Smartphone technologies and capabilities that can not be ignored by mobile device vendors
The smartphone market is getting more complex and dynamic, as well as maturing and being highly commoditised. In such mature market, technology improvements in smartphone has brought incremental enhancements and these are often not perceived by users as critical for them.
We asked Roberta Cozza, research director at Gartner to share her views on the top 10 smartphone technologies and capabilities that create more compelling experiences for the user, and unravel new business models for mobile device vendors.
Q: How did you select the top 10 smartphone technologies and capabilities for 2016 and 2017? A: We identified 10 technologies and capabilities whose developments and transformations cannot be ignored by any mobile device vendor.
Our top 10 technologies and capabilities for 2016 and 2017 are:
- Fast charging
- Wireless charging
- Augmented and virtual reality
- Multiple-lens camera solutions
- Sensors: Biometric authentication and technologies
- Virtual personal assistants (VPAs)
- Flexible/curved displays
- Wi-Fi 802.11 standards
- USB Type-C
- Embedded SIM (e-SIM)
They were selected looking at five main potential areas of impact: the battery, an immersive experience, a personalised experience, display technology and connectivity. They represent areas that can potentially address key smartphone user pain points, expand to new capabilities, unlock new business models or create more compelling experiences. They look at the smartphone no longer in isolation, but as part of a continuum of devices and within new user scenarios.
Q: Why are virtual personal assistants (VPAs) and biometrics authentication in your top 10? Why now?
A: VPAs represent a shift in how people will interact with machines. They are available on a number of platforms, including iOS, Windows and Android devices as well as tablets, PCs, wearables, connected home hubs, and smart home speakers.
We predict that by 2020, 40 percent of mobile interaction will be facilitated by smart agents as the post-app era starts to dominate. Already, 74 percent of smartphone users currently use VPAs frequently, at least one a day (38 percent) and several times a week (36 percent).
General purpose VPAs’ experiences have been so far disappointing. Users want more proactive interaction and notifications from their VPAs that can deliver more personalised experiences. However, VPAs and their services are becoming richer - we saw new smart features in Cortana at Build 2016 and recently the new Google Assistant. This opens up new opportunities for device vendors, ecosystem owners and VPA developers to differentiate themselves by creating smarter solutions.
Concerning Biometric authentication, sophisticated smartphones expose users to richer and new experiences with their phones such as mobile payments and, increasingly, allow users to store more detailed personal data on their phones. This highlights the need for improved protection and verified access to a phone.
Beyond fingerprint, new methods of biometric authentication will be explored. Going forward, biometric authentication will force vendors to work more closely not only with biometrics technology providers, but also with biometric software developers to achieve smooth and usable solutions that can win over users in their daily use of smartphones.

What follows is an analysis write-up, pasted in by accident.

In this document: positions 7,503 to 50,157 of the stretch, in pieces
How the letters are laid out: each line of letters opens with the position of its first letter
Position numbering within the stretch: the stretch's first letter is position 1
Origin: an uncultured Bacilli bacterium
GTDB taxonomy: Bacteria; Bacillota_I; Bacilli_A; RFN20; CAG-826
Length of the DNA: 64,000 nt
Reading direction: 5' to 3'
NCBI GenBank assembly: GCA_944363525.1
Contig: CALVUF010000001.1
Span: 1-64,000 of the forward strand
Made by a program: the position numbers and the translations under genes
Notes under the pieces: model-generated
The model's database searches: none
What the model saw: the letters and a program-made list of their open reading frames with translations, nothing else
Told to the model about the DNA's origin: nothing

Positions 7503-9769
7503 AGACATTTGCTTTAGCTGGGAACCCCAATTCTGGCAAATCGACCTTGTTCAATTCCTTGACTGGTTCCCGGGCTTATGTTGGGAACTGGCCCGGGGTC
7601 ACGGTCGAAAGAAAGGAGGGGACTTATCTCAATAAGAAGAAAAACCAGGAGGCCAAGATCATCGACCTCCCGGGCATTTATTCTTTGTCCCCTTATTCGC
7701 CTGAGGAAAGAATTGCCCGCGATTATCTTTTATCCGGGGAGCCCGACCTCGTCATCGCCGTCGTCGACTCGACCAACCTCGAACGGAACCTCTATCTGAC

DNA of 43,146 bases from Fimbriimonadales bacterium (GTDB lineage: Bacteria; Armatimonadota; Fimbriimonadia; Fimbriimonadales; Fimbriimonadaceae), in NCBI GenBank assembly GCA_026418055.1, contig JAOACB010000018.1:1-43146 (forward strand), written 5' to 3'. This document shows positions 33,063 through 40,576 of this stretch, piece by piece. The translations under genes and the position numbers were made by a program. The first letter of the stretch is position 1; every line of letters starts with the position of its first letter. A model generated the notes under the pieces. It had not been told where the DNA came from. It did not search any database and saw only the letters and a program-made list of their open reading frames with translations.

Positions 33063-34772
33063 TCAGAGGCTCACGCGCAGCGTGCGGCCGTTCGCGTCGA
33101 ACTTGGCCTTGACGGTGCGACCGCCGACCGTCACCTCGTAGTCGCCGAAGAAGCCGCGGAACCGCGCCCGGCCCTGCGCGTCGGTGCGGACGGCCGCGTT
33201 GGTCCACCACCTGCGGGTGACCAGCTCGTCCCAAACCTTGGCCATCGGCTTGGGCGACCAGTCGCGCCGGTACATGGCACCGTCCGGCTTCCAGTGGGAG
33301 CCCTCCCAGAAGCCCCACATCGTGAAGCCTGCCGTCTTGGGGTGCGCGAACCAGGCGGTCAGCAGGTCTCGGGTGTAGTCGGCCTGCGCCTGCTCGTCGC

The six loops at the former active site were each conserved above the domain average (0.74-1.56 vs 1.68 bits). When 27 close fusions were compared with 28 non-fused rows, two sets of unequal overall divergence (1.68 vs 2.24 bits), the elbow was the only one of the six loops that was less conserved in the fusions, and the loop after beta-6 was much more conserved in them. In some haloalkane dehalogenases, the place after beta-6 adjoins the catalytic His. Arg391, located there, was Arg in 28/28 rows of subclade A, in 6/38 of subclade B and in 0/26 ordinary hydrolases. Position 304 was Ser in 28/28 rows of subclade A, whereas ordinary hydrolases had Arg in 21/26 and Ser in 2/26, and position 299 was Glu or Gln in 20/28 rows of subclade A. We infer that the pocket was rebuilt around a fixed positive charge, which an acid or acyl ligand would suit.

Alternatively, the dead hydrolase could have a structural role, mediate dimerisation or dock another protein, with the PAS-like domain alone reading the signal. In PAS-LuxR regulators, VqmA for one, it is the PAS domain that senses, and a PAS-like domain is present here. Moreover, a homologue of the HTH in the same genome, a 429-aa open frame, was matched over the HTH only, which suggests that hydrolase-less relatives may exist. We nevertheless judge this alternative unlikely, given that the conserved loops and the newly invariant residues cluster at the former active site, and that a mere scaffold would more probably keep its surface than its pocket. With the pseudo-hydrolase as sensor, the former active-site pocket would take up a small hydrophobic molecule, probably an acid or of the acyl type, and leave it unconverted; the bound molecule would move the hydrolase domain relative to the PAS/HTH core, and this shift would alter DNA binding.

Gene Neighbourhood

Biometrics technologies are already showing benefits in enterprise pilots and deployments focused on providing enhanced identification of individuals. Device vendors will extend the use of biometrics measurements to explore other areas beyond authentication, like Emotion and mood detection, for example.
Q: The current iterations of augmented and virtual reality are new, but how quickly are they evolving?
A: Augmented reality (AR) can be effectively used on a smartphone or tablet (as well as other dedicated devices such as head-mounted displays [HMDs]). For example, users can hold up a phone to a sign and see it translated, hold a tablet in front of equipment, or use AR smart glasses to see the equipment's maintenance instructions.
VR immerses the user into a full digital environment. Users can snap their smartphone into devices such Samsung Gear VR or LG 360 VR, hold it to their eyes, and see and interact with virtual worlds. More sophisticated immersive VR experiences come from dedicated HMDs like the Oculus Rift or HTC Vive, but these require a high-end PC. In consumer markets, gaming, events and movies, and 360-degree immersive videos will be the primary areas of focus for developers and content creators. However, easy access to content and distribution will be critical success factors.
Opportunities are also emerging for a VR system to be used in business settings: businesses can use mobile VR as a marketing device to deliver personalized product experiences, or as a tool to communicate with employees. Training and education are also a great user cases — with the virtual world being a mockup of equipment or situations to simulate a real-life situation. We expect that in 2018, 26 percent of HMDs will be designed for business use.
While the current appearances of AR and VR are new, better display technology, improvements in sensing and tracking hardware and software for things such as motion, gesture, head and eye tracking, and real-time graphics will increase interest and adoption. Burgeoning developments in 360-degree and depth-sensing imaging will provide enhancements to and the availability of environmental mapping capabilities. In addition, 3D and 360-degree imaging devices can further accelerate this trend. HMDs using AR and VR are expected to sell 40 million units by 2020, which provides the highest revenue opportunity, together with smartwatches.
Gartner clients can find more detailed analysis in the report "Top 10 Smartphone Technologies and Capabilities in 2016 and 2017."
Article by Christy Pettey and Laurence Goasduff, Gartner.